- The RBI is exploring the choice between having a centralized ledger for digital currency, so-called distributed ledger technology (DLT)
- The central bank stepped up its efforts to explore digital currencies over the past year.
The Reserve Bank of India may launch its first digital rupee trails programs by the end of the year.
According to the CNBC Report, RBI governor Shaktikanta Das said, “We are being extremely careful about it because it’s completely a new product, not just for RBI, but globally.”
Notably, central banks around the world are analyzing digital currencies. China, Europe, and the U.K. are exploring digital currencies that they could issue to commercial lenders.
According to the governor, “The RBI is studying various aspects of digital currency including its security, impact on India’s financial sector as well as how it would affect monetary policy and currency in circulation.”
Das highlights that RBI is exploring the choice between having a centralized ledger for digital currency, so-called distributed ledger technology (DLT). DLT refers to a digital database that allows multiple participants to access, share and record transactions simultaneously. The centralized ledger would mean that the database is owned and operated by a single entity, the central bank.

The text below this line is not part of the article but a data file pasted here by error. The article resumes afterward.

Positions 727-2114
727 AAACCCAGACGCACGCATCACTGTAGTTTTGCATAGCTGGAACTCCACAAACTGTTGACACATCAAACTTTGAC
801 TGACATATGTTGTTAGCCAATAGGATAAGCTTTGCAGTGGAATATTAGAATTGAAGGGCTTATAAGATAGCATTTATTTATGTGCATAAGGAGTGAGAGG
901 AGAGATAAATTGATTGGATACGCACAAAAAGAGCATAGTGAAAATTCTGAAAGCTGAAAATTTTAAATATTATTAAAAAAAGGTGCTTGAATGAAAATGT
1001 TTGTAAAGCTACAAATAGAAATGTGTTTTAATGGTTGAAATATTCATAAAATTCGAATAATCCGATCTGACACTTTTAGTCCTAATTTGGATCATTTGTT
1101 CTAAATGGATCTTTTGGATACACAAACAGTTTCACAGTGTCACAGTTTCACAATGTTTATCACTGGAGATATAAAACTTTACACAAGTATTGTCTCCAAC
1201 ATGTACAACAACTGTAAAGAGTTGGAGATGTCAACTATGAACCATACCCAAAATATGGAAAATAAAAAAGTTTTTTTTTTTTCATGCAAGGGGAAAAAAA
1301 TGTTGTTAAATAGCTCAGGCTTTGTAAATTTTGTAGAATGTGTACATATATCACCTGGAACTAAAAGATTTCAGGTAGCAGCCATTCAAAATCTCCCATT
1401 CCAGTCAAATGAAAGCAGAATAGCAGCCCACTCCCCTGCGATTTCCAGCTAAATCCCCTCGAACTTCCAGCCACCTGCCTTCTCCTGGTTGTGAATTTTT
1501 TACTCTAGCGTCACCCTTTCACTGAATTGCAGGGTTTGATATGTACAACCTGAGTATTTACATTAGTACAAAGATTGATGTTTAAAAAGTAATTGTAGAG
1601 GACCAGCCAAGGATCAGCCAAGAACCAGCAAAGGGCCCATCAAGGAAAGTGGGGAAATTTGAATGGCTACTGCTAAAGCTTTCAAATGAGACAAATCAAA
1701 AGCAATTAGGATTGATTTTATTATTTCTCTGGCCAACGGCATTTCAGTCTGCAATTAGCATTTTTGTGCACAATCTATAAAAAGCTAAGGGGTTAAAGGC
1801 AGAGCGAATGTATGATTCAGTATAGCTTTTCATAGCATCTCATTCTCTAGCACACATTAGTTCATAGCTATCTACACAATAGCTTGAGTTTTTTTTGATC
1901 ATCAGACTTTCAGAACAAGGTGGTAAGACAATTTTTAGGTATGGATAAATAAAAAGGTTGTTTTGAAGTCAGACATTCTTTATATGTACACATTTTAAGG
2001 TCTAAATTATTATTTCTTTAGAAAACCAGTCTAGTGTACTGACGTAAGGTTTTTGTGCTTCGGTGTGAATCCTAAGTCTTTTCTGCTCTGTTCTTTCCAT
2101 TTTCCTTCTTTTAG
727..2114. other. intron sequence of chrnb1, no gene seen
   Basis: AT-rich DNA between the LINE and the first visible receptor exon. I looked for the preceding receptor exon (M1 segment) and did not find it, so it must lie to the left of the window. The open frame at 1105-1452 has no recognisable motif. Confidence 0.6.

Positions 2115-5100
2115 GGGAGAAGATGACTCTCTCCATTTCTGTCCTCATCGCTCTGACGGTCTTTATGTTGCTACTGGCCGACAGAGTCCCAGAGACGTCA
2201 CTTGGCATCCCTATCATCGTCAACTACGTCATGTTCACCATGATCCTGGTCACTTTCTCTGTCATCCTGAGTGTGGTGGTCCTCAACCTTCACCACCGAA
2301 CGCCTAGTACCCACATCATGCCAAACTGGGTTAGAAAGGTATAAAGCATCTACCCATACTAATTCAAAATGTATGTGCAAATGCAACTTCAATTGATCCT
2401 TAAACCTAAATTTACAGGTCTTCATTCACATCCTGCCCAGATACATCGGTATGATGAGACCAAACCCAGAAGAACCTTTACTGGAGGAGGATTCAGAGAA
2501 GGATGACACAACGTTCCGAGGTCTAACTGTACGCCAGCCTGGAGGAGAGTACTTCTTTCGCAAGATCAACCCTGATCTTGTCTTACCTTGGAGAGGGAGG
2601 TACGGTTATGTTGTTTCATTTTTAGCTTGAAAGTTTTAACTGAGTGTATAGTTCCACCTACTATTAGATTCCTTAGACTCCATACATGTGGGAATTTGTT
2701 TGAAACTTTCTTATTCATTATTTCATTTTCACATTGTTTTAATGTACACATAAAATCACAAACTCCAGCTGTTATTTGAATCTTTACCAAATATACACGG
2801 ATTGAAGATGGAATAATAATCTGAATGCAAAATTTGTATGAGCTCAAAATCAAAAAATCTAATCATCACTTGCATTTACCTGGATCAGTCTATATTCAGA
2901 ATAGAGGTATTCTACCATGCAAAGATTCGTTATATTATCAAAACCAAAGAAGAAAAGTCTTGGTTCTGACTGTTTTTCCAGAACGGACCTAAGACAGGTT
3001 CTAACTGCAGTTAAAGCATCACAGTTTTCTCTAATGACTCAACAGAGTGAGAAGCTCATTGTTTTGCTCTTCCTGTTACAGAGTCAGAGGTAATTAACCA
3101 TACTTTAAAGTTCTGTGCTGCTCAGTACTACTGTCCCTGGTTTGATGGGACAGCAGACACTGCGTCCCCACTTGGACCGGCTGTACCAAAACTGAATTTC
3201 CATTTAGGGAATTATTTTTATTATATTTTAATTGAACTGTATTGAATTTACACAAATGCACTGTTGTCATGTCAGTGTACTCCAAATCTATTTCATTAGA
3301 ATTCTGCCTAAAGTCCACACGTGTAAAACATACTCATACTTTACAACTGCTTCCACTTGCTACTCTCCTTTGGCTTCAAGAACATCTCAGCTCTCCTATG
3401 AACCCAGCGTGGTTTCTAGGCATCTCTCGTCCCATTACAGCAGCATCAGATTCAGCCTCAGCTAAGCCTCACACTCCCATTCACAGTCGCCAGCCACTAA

“I think by the end of the year, we should be able to – we would be in a position, perhaps- to start our first trials,” Das told CNBC. He said that RBI called central bank digital currencies or CBDC as legal tender issued by the central bank in digital form.
Last month, RBI Deputy Governor T. Rabi Sankar said that the central bank was working towards a “phased implemental strategy” for a digital currency.
The central bank stepped up its efforts to explore digital currencies over the past year. That decline in cash usage and growing interest in cryptocurrencies like bitcoin.
The People’s Bank of China is leading the way, with real-world trails across various cities. The European Central Bank and the Bank of England are also looking into a digital euro and a U.K. CBDC, respectively.